ISSUE #6  |  February 12, 2020
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Veteran Compost Hits 10-Year Milestone
Compost manufacturer collects commercial and residential food waste
in the Baltimore and Washington, D.C. metro areas.
It all started when Justen Garrity looked at a pie chart of how U.S. solid waste was managed. Garrity, an Army officer, had returned home from the war in Iraq in 2009, and was having difficulty finding a job. He decided to take matters into his own hands, and start a green enterprise. “I looked at a pie chart of municipal solid waste generated in the U.S. and saw that two-thirds of the pie is compostable,” Garrity told BioCycle in 2013. “Composting seemed like a huge opportunity, with a big demand for the products on the back end. It made sense from both a sustainability perspective and a money-making enterprise.”
Growing The Dairy
Biogas-To-RNG Supply

On Dec. 11, 2019, Dominion Energy (Dominion) and Vanguard Renewables (Vanguard) announced a more than $200 million, nationwide strategic partnership to build manure-only anaerobic digesters that produce renewable natural gas (RNG) on U.S. dairy farms. Under the strategic partnership, Dominion Energy will own the projects and market the RNG; Vanguard Renewables Ag, a subsidiary of Vanguard, will design, develop and operate the projects.

Dominion and Vanguard have a strategic alliance with Dairy Farmers of America (DFA). The first round of projects are being developed in Georgia, Nevada, Colorado, New Mexico and Utah. “DFA was integral in our decision to target these states, which have the density of dairies we need for digester development and RNG production,” explains Kevin Chase, Vanguard’s cofounder and chief investment officer. “We are seeking clusters of dairies with a minimum combined total of 20,000 to 30,000 cows to capture the amount of manure needed to make the infrastructure investment.”

Ann Arbor Keeps Residents Informed About PFAS

The City of Ann Arbor, Michigan’s Compost Facility PFAS Fact Sheet —“Keeping Our Customers Informed About PFAS” — includes frequently asked questions about PFAS in compost. Ann Arbor offers residents curbside food scraps and yard trimmings collection service from April to December; yard trimmings can also be dropped off at the city’s composting facility. The fact sheet reports results of recent tests that the city conducted on Ann Arbor’s compost. “Results tested positive for low levels of 13 types of PFAS ranging from 0.040 parts per billion (ppb) to 17 ppb,” notes the city.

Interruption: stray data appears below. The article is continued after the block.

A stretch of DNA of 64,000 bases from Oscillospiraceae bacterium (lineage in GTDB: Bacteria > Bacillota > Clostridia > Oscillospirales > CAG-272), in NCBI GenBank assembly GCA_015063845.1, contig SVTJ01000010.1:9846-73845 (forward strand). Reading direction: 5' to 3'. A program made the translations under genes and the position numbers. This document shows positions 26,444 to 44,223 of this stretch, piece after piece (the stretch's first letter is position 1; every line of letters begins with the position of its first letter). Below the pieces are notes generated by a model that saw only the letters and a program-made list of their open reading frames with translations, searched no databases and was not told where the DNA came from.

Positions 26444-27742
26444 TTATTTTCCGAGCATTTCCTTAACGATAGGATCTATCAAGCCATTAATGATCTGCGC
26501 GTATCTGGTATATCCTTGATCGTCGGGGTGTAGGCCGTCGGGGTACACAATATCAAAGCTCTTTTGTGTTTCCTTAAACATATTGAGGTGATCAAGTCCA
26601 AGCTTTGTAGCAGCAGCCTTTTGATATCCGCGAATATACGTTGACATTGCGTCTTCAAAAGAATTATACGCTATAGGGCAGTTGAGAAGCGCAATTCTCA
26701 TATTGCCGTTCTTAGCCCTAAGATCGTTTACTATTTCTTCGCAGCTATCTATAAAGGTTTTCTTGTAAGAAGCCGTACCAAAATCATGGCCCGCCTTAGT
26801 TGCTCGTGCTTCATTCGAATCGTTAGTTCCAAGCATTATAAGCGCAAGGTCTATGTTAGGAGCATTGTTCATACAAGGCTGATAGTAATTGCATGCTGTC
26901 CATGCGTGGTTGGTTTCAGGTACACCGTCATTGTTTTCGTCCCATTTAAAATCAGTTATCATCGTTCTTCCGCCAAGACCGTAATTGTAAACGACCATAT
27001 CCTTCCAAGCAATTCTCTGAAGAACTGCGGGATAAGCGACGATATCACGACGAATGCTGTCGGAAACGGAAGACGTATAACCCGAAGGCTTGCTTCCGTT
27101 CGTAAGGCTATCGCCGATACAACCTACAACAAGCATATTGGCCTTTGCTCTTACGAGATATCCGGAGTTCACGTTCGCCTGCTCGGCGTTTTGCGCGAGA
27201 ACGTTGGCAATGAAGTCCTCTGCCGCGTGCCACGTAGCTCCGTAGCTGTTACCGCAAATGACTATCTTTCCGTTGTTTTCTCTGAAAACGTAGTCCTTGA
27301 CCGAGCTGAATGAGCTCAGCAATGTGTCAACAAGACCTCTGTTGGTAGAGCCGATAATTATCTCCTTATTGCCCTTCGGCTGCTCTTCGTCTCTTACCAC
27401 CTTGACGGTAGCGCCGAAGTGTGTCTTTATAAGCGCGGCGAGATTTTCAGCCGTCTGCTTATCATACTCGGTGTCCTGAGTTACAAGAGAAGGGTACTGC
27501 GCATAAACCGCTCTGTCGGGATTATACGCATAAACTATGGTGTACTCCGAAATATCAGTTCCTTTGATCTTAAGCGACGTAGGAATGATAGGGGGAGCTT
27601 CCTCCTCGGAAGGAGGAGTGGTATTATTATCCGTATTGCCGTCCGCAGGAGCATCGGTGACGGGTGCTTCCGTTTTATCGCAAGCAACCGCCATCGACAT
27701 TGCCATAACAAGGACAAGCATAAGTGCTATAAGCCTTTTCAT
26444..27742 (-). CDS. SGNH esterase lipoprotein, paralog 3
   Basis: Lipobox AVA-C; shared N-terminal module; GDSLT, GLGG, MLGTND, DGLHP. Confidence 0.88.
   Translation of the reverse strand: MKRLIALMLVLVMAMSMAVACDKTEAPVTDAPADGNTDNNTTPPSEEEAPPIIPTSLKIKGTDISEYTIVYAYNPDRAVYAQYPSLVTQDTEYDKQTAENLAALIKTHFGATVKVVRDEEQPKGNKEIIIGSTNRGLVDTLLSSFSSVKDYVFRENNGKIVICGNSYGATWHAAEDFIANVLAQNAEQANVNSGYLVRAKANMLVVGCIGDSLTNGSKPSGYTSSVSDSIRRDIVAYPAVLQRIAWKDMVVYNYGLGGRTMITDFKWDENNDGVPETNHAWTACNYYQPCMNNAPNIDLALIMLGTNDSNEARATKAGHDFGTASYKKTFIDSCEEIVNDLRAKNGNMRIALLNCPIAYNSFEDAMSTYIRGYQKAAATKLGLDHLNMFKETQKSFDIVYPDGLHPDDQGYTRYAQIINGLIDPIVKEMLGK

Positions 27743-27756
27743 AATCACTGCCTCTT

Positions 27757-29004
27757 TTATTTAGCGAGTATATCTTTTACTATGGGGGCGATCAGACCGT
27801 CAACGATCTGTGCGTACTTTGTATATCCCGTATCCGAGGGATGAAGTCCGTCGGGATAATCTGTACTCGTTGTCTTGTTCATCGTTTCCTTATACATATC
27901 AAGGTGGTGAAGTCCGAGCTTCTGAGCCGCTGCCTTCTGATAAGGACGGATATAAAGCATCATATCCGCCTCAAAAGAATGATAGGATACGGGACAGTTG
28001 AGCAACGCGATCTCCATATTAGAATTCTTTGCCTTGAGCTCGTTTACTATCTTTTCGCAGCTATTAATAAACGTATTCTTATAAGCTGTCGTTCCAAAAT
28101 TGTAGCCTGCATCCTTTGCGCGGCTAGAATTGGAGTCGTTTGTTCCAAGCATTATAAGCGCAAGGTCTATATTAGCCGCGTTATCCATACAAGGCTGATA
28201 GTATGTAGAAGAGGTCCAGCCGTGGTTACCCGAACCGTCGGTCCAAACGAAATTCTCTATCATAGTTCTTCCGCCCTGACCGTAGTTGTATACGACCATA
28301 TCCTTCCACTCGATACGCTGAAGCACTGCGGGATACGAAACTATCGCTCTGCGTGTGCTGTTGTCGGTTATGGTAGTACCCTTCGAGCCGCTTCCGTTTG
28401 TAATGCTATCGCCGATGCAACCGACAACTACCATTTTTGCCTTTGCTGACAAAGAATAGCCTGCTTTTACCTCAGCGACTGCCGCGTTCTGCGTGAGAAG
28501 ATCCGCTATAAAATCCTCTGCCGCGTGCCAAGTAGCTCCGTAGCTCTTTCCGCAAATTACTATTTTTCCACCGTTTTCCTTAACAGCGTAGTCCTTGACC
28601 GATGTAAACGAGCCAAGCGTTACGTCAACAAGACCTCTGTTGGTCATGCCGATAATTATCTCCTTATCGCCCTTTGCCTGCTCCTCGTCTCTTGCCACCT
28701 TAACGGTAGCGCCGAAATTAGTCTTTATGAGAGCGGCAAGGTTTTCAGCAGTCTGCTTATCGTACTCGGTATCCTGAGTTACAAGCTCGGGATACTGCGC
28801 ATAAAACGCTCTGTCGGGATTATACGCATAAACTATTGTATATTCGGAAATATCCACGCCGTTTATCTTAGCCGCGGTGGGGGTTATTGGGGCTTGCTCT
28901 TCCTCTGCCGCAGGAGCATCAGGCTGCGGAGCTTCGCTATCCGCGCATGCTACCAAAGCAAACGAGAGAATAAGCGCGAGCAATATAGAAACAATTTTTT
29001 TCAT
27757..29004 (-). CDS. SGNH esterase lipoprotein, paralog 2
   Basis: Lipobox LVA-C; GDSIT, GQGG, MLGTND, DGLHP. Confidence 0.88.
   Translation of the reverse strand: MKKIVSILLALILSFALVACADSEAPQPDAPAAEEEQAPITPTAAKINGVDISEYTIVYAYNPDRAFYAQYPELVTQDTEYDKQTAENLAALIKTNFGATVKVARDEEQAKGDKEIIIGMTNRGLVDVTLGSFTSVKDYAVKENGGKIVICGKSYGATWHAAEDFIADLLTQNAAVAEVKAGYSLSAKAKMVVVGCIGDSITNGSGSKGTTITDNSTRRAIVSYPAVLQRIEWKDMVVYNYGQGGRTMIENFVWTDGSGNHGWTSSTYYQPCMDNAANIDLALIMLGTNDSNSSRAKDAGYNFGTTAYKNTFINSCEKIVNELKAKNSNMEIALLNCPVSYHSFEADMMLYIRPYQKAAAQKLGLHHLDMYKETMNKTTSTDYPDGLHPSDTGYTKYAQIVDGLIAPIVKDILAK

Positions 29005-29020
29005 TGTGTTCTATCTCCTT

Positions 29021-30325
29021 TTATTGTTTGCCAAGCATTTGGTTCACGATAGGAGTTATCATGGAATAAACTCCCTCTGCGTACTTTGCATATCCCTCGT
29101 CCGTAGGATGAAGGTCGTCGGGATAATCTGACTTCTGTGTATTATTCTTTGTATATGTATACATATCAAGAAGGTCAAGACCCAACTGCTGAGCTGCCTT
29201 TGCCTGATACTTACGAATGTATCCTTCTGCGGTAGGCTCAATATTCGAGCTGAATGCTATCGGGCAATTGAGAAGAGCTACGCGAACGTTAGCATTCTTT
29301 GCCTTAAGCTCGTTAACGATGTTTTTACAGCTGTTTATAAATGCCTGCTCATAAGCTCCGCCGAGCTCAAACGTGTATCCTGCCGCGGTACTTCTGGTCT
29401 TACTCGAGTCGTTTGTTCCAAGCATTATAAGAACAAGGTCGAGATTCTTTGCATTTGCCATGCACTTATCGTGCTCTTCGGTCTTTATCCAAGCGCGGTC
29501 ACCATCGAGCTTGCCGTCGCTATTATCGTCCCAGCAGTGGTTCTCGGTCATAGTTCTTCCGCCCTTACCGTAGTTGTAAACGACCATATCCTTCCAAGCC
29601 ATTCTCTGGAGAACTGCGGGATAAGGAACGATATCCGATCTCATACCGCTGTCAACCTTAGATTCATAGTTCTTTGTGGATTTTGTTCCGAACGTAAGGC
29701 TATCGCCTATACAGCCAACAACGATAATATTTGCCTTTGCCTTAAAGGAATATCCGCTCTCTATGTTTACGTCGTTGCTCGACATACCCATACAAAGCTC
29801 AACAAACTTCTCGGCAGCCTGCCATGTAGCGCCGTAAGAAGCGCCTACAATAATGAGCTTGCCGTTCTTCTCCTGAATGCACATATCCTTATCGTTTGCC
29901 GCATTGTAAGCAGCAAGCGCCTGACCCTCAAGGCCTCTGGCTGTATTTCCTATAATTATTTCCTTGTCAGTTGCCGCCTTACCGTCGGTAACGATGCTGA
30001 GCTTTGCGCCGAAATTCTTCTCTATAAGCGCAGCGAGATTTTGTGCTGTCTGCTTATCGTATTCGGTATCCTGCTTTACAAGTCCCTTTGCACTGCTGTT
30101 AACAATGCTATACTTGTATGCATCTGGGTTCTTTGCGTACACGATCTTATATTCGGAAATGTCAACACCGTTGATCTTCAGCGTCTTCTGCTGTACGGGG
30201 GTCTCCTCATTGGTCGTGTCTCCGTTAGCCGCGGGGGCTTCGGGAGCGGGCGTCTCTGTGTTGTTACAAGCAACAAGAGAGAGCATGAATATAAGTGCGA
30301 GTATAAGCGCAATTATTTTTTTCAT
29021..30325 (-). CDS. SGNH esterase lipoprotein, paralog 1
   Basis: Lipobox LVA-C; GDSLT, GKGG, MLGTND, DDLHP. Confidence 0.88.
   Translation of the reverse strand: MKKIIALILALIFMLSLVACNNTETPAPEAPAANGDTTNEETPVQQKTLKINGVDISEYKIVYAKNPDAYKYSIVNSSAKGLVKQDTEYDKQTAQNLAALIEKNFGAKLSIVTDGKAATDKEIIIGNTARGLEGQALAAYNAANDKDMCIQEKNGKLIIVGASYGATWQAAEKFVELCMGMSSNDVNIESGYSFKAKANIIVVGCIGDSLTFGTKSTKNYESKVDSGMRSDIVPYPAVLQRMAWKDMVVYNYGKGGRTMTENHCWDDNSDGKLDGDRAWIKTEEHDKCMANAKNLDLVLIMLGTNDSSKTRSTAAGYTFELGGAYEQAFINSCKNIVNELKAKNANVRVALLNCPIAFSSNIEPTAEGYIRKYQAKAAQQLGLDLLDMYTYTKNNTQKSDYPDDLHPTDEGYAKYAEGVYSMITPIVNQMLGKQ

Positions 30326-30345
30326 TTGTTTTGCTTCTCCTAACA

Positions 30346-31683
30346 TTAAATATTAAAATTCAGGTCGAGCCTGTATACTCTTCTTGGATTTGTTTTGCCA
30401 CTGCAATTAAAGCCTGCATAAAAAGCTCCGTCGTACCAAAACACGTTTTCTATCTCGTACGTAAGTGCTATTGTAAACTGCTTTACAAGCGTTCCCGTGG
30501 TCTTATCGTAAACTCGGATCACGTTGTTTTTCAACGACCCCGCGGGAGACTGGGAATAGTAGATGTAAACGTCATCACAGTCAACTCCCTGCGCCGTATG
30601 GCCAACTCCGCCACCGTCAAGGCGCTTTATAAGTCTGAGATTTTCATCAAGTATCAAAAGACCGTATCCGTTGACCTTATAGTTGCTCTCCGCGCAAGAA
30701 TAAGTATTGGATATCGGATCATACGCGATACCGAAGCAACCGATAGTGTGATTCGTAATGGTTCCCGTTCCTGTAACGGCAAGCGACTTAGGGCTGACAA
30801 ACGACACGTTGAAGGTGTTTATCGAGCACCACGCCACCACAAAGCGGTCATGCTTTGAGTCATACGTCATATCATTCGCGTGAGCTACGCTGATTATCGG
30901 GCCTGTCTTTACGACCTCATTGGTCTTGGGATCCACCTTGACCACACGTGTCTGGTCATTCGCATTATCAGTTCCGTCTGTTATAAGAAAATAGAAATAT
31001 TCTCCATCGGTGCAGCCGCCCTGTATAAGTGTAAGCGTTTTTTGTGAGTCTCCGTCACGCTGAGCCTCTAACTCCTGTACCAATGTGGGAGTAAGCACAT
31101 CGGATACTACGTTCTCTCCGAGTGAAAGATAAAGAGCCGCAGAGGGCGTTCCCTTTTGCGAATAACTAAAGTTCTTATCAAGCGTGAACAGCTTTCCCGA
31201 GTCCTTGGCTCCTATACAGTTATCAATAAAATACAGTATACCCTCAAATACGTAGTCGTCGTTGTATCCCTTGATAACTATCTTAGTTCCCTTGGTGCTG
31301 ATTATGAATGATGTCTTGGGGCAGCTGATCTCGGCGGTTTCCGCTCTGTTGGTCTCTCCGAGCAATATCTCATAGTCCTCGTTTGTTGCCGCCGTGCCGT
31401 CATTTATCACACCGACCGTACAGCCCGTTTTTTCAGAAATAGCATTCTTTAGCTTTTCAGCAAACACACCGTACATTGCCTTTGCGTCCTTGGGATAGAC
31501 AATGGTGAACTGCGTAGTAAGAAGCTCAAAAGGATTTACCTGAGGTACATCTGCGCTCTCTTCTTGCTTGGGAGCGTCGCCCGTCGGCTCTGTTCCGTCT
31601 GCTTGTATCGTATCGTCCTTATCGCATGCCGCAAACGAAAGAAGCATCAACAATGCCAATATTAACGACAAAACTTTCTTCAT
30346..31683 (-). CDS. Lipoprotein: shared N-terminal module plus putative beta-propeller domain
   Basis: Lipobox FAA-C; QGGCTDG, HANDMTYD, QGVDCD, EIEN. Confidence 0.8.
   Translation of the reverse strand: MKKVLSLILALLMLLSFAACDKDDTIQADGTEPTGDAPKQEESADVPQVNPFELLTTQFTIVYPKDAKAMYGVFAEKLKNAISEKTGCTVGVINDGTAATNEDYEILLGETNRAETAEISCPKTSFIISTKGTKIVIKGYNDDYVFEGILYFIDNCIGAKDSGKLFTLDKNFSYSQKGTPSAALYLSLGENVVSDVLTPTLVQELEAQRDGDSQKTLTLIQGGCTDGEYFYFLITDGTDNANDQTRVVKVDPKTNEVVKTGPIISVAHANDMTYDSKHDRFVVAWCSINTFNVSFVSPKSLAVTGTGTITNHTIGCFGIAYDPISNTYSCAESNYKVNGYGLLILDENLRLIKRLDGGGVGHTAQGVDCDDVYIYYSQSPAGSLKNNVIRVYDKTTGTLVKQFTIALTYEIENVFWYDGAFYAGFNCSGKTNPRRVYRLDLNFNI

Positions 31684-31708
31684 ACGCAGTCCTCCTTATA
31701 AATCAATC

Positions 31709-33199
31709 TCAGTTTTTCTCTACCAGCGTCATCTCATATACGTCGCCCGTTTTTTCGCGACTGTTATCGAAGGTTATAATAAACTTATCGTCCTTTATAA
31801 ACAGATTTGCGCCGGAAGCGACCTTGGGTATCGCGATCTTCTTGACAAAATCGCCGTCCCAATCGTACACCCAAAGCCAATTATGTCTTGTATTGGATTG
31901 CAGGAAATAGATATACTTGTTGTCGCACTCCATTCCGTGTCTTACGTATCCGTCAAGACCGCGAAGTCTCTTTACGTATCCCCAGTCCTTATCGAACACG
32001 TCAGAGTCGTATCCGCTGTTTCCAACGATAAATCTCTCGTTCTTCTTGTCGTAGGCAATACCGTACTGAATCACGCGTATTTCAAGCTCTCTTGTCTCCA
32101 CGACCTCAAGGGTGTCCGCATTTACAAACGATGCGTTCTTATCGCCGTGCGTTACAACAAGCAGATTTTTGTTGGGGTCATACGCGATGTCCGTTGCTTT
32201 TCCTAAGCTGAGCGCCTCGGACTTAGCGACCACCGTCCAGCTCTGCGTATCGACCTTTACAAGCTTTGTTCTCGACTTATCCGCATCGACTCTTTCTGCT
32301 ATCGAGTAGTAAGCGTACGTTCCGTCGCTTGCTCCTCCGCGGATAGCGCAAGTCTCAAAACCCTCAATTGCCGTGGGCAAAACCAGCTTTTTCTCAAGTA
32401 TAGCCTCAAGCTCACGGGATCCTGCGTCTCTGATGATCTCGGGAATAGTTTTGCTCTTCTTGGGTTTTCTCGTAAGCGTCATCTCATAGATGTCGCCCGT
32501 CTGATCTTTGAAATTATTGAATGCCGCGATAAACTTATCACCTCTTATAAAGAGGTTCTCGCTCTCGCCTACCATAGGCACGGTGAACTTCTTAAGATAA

LCFS Accredited Verifiers Announced
California’s Low Carbon Fuel Standard (LCFS) is designed to decrease the carbon intensity of the state's transportation fuel pool and provide an increasing range of low carbon and renewable alternatives (including from renewable natural gas), which reduce petroleum dependency and achieve air quality benefits. The LCFS, administered by the California Air Resources Board (CARB) relies on accurate data monitoring, reporting, and verification to support implementation and tracking of effectiveness. In 2018, the Board approved amendments to add third-party verification requirements to the LCFS to ensure data completeness, accuracy, and conformance with the regulation — consistent with the verification programs under California’s Cap-and-Trade Program and international best practices.
Economic Return On
AD Investments
Researchers at North Carolina State University (NCSU) and the University of Wisconsin, Madison have developed a computational model that could boost investment in farm-based sustainable energy projects by allowing investors to more accurately predict whether a project will turn a profit. The model accounts for a variety of known factors, such as which species a farm is raising, the size of each farm and where each farm is located. But what sets the model apart is the way it accounts for uncertainty, explains Mahmoud Sharara, an assistant professor of biological and agricultural engineering at NCSU, telling users where a system should be located, what its capacity should be, and participation level (cluster size).
Can Scalable Organics Diversion Happen?

Rhodes Yepsen
Executive Director, Biodegradable Products Institute, Inc. 

As a BioCycle alumnus and lifelong devotee, I appreciate your latest Editorial, “The 2020 Compostable Packaging Narrative.” I could not agree more that it is high time for a new narrative on compostable packaging within our broader collective industry.  I’ve written about this more than a few times in the pages of BioCycle, and have led the Biodegradable Products Institute (BPI) down a path of being more engaged, responsive to big challenges impacting composters like PFAS and labeling, and even updating our organization’s bylaws at the end of 2019 to not just open our Membership to composters and municipalities, but also create a few seats for them on our Board of Directors. 
I believe the situation outlined in the Editorial is bigger than narrative, or a simple decision about packaging.  It’s really about whether scalable organics diversion is going to happen or not, as the companies working on compostable packaging as part of their food waste mix sit right in the crosshairs. This gets at why I joined BPI back in 2015, to build on the roots of the residential food scraps surveys I helped conduct as a BioCycle staff member.

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